The main idea is that oplatek should be broken by everyone present at the dinner and eaten as part of their meal. The exact origin of oplatek is unknown, but it has been linked to the tradition of breaking bread during the Holy Eucharist. However, the most probable explanation connects this tradition with an ancient Slavic custom called “opłatki,” which was practiced the night before Christmas Eve (December 24).
As this celebration was held in secret, it was often referred to as “opłatka” or “opłatek,” meaning something hidden or covered. In time, this name evolved into our word “oplatek” or “oplatka” which means wafer or cookie in English.
14. Write Christmas Cards
It’s one of the best Christmas Eve traditions that dates back to at least the early 1900s when people sent out greeting cards in December to let friends and family know they were thinking of them during the Christmas season. Today, most people send Christmas cards between Thanksgiving and Christmas Day, but some send them as late as New Year’s Eve.
15. Lighting the Advent Wreath
The Advent wreath is a circular wreath made up of four candles and four different colored ribbons that correspond with the four Sundays preceding Christmas. It symbolizes the journey from darkness to light as we prepare for Christ’s birth. Making DIY wreaths are great Christmas crafts activities that families can do together.
16. Christmas Pickle
The tradition of the Christmas Pickle started in Pennsylvania Dutch country, where people believed that a pickled cucumber placed near the front door would ward off evil spirits and witches on Christmas Eve. The tradition spread to other parts of America and eventually to Europe.
Today, many people still follow this tradition and leave a pickle on their doorstep on Christmas Eve to protect their homes from danger or bad luck. Some people even leave a little bowl of vinegar beside their pickle to help keep away any unwanted guests who might try to sneak into your home while you’re asleep!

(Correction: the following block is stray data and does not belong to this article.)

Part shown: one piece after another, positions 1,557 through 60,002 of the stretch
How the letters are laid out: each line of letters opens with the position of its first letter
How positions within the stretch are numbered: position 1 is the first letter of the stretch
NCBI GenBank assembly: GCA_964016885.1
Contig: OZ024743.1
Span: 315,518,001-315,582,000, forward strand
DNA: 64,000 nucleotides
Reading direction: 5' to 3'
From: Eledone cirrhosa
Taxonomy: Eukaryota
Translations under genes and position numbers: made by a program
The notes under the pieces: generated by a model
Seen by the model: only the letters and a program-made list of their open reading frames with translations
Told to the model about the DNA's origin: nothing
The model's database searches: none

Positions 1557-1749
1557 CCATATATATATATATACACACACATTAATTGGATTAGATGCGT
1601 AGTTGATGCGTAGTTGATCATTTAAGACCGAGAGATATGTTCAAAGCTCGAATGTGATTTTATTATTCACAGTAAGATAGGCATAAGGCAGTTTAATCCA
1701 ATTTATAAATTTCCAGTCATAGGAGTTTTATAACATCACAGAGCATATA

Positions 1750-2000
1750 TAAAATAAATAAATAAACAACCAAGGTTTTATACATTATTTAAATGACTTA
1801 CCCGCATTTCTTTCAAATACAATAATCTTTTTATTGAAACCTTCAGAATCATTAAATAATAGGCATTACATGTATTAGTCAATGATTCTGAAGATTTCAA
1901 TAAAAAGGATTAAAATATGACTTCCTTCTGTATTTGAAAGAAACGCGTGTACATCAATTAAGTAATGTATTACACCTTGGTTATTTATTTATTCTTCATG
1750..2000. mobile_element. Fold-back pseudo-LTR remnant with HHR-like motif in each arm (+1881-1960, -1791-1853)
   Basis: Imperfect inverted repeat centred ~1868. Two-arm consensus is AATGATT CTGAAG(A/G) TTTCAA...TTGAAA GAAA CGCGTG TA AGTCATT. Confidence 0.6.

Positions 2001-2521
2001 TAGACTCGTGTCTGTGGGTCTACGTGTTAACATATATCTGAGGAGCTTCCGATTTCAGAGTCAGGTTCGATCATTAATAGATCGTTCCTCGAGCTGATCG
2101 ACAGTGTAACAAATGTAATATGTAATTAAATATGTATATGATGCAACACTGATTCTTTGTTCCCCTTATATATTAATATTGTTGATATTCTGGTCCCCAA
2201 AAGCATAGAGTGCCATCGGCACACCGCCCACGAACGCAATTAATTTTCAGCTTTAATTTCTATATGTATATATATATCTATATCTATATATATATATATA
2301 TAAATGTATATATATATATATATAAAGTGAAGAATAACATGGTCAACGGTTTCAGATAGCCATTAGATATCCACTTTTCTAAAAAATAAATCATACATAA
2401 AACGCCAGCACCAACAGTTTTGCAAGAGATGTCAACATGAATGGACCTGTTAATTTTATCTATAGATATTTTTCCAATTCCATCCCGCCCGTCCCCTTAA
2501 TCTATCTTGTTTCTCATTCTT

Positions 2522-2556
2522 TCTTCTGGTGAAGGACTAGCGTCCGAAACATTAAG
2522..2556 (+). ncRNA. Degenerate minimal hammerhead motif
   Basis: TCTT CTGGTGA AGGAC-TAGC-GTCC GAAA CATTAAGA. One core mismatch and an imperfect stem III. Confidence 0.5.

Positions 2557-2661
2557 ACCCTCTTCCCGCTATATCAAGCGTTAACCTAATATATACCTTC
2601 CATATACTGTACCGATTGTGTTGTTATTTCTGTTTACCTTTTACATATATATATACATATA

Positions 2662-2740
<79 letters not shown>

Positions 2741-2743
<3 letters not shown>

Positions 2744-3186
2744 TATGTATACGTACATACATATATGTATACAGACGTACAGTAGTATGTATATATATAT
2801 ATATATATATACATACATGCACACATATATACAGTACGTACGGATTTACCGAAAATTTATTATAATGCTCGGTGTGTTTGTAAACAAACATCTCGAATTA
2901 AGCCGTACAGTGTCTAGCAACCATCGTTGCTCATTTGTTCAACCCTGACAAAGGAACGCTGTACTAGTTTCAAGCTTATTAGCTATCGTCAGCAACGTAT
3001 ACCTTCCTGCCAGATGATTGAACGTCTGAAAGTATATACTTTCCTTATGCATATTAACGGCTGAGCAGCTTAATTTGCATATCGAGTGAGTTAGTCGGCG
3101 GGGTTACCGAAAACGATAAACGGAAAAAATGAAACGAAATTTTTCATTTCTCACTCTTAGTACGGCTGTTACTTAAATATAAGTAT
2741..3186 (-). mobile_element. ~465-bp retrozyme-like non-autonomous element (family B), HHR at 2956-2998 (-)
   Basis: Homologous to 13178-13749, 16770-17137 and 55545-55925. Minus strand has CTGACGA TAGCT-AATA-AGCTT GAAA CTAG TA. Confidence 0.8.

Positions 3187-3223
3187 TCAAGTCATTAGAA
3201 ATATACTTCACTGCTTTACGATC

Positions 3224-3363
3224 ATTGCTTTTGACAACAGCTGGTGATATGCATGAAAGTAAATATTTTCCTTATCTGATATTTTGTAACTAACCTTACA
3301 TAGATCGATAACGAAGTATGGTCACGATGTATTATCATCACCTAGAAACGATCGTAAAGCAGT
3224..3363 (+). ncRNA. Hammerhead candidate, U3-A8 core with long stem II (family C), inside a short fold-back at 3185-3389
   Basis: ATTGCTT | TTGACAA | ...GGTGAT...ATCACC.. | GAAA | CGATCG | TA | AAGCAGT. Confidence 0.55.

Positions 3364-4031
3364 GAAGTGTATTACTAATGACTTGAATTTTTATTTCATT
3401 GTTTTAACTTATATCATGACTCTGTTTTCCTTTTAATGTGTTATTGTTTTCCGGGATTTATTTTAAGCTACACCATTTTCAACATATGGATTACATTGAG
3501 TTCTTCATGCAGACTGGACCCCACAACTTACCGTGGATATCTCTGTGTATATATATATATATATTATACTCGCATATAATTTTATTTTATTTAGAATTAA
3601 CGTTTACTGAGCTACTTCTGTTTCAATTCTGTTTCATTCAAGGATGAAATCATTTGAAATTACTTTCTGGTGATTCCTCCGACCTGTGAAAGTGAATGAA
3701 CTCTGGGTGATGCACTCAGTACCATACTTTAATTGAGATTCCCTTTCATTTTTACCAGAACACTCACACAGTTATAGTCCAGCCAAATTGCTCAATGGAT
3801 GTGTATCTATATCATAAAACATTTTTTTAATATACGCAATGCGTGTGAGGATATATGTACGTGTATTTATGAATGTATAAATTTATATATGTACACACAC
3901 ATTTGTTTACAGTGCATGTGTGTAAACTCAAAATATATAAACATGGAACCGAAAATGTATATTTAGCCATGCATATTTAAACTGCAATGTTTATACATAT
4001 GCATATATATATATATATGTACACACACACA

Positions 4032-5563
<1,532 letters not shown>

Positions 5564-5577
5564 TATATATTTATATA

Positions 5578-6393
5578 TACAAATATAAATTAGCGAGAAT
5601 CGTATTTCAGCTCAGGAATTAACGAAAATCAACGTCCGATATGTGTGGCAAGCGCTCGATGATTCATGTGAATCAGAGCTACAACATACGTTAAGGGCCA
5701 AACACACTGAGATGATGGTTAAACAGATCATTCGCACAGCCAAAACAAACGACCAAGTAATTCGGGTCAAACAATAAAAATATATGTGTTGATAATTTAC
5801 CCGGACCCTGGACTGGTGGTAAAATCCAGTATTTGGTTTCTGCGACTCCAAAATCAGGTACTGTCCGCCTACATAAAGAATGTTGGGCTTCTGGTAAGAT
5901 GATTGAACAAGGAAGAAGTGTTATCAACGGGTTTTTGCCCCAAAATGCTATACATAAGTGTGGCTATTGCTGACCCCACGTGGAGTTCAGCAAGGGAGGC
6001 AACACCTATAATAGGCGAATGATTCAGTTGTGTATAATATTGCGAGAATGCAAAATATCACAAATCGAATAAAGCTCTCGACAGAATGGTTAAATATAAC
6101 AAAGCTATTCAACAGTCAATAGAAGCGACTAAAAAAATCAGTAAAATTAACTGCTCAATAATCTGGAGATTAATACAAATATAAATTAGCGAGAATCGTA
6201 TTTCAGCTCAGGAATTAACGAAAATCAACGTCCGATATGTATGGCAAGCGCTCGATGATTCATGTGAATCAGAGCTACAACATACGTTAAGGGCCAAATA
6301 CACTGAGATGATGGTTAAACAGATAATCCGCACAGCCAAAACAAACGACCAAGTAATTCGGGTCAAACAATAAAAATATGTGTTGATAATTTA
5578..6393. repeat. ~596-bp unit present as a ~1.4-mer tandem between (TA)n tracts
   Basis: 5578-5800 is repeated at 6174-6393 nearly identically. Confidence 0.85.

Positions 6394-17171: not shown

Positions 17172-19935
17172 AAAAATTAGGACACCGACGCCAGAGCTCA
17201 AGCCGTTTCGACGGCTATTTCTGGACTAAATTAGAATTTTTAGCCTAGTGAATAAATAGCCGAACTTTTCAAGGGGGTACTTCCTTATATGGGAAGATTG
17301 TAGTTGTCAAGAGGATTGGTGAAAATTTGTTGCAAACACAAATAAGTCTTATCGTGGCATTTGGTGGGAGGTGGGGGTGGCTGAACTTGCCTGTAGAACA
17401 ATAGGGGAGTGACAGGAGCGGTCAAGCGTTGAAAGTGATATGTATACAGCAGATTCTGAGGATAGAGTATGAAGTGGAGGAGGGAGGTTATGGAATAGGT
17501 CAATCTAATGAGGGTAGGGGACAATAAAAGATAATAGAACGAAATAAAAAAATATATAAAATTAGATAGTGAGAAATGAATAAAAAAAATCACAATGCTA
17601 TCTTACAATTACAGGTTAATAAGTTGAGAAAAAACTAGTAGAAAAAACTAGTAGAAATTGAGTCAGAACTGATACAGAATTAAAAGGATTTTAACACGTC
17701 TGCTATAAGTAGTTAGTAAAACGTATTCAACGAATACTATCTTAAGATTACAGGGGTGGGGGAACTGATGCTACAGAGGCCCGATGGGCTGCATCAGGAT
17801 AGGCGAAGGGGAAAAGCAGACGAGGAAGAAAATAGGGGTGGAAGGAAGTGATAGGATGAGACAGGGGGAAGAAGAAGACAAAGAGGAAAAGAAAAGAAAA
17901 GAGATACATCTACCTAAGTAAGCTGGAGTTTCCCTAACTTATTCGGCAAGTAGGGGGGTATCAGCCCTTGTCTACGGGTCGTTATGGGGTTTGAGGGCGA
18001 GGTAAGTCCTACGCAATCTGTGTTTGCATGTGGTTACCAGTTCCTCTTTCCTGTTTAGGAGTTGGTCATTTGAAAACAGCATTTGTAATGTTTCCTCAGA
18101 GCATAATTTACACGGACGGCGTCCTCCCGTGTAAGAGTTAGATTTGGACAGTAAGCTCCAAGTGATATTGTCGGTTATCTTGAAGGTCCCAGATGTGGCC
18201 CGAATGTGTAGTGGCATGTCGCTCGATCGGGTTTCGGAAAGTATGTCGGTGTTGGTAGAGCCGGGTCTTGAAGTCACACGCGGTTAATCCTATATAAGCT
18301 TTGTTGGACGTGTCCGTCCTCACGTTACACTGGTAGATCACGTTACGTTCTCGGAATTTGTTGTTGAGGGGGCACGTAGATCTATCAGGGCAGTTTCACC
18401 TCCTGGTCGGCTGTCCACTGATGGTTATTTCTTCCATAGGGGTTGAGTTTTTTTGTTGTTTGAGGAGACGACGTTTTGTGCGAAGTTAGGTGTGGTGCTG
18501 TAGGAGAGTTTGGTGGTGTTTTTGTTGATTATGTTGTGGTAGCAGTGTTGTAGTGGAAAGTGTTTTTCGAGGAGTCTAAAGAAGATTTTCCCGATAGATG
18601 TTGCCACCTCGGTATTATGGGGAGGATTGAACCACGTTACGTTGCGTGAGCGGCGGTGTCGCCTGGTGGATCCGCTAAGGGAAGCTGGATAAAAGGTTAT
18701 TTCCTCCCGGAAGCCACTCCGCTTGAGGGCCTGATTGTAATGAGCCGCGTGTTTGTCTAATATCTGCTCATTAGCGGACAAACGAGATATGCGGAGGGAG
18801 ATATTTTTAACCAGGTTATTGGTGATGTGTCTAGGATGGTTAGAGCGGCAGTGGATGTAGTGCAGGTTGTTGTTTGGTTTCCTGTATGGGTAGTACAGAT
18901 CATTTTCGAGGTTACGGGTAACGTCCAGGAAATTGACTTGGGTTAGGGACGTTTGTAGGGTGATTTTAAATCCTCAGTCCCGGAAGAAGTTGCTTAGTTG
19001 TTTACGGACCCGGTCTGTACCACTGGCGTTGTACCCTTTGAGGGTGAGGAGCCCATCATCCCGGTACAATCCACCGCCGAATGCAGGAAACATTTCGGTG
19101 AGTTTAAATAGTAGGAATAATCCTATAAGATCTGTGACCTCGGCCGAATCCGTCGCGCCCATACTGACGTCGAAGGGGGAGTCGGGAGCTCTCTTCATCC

17. Christmas Eve Dinner
In many parts of Europe, Christmas Eve dinner is eaten at midday rather than at dinnertime. The main dish is roast goose or duck (or both). In Sweden, Christmas Eve dinner includes pickled herring or other fish dishes.
In many European countries, families open presents on Christmas Eve instead of on Christmas morning because it’s believed that Santa Claus visits children on this night rather than after their birthdays (which are celebrated on New Year’s Day).
Dinner is a great way to celebrate the holiday season with your family member and friends, but it doesn’t have to be elaborate or expensive. If you want a more formal meal, ensure everyone dresses up in their best clothes and enjoys a nice meal together.
If you want something less formal, consider ordering pizza or going out for Chinese food as an alternative to cooking at home.
All in all, Christmas Eve and Christmas Day are special occasions in our lives. We spend time together, relax, have fun, and just be with our loved ones. Most of the Christmas eve traditions listed above help us keep this reality in perspective. These may not be the same Christmas traditions you associate with Christmas Day, but they are ours and keep these fun Christmas Eve traditions meaningful for us year after year. Merry Christmas!